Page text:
People told me that paying more than minimum wage was pointless and a sure-fire way to spend too much on payroll. They told me I’d go under within a year. Even some business owners I know who pay more than $15/hour as their starting wage are against raising the minimum wage. However, there are also those who have always quietly paid more than the minimum wage, and have been in business for years.

So I ran the numbers. The financial difference between me paying $10 per hour and paying $13, $14 or $15 – wasn’t staggering. Of course it makes a difference in our profit margin, but it’s not a material difference. I wouldn’t be getting rich off of my staff making $10.96 per hour.

Most importantly, I wanted to live my values. Business and ethics aren’t mutually exclusive. I sell luxury food products. How could I sell $10 pieces of cheese and ask my staff to make $10 per hour?

So, in our first month everyone (myself included) made $13 per hour. The next month we all made $14, and the month after that we bumped up to $15. In the two years we’ve been in business, we’ve grown from me and my first staff person (hi, Rebecca!) to five employees. Our staff work hard, go above and beyond, take initiative and, heck, they spend money back into my business, which is the biggest compliment of all.

A staff member holds up a majestic meat and cheese board.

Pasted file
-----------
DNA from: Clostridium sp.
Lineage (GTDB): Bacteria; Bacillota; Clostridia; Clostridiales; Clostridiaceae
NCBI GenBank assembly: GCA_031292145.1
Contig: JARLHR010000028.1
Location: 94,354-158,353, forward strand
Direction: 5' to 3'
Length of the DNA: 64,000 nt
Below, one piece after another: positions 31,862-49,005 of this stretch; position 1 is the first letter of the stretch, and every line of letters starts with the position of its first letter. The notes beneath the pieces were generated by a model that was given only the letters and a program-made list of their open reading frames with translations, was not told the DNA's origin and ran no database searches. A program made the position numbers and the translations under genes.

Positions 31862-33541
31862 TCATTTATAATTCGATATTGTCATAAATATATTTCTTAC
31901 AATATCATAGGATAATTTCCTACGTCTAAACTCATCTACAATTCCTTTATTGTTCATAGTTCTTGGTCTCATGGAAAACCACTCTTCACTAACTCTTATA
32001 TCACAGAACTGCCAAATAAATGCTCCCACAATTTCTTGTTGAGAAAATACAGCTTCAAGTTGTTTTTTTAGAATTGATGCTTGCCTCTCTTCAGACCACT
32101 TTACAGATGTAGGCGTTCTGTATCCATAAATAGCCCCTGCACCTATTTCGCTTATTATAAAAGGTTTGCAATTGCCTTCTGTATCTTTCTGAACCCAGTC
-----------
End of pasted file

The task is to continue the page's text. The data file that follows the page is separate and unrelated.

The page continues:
Aleana Young
A staff member holds up a majestic meat and cheese board.

In our first year in business, I mentioned our wages a few times to fellow entrepreneurs. People who were opposed to a $15 minimum wage had very emotional reactions to this, as if me paying my staff more money somehow meant they got less. As a consequence, I never championed this issue for fear of hurting my business through some misguided boycott. I was also in my first year of business and I didn’t want to brag if I was going to fail. Much like the other entrepreneurs I know who pay more than the minimum wage, I kept my head down and focused on building my reputation and customer base.

However, as this issue becomes more and more politicized, it’s important to look at real-life examples and not just rhetoric.

I’ve sat through events, forums and meetings where folks have recited that paying $15 an hour is unsustainable and untenable for businesses. I’ve also been told by local economic development authorities that minimum-wage jobs don’t exist in Regina (but they’re still opposed to raising the minimum wage, go figure). Those of us who do pay a living wage need to speak up and help lead the way for others.

I love our community and I love our supportive network of entrepreneurs — but if a business can’t support a one- or two-dollar increase in hourly wages, it may not be sustainable. Everyone knows that a new owner not being able to pay themselves for years isn’t how you run a business. Similarly, if a minimum-wage increase will break a business, it’s time to reevaluate.

Paying my staff $15 per hour isn’t going to solve poverty in my city or kickstart an economic boom, but if more businesses paid their staff better, their employees would have more economic security. We’re only two years in, and things can change in an instant, but I believe that sustainable businesses pay sustainable wages. The better off my staff are, the better off my customers are, and the stronger my business is, the stronger my community will be.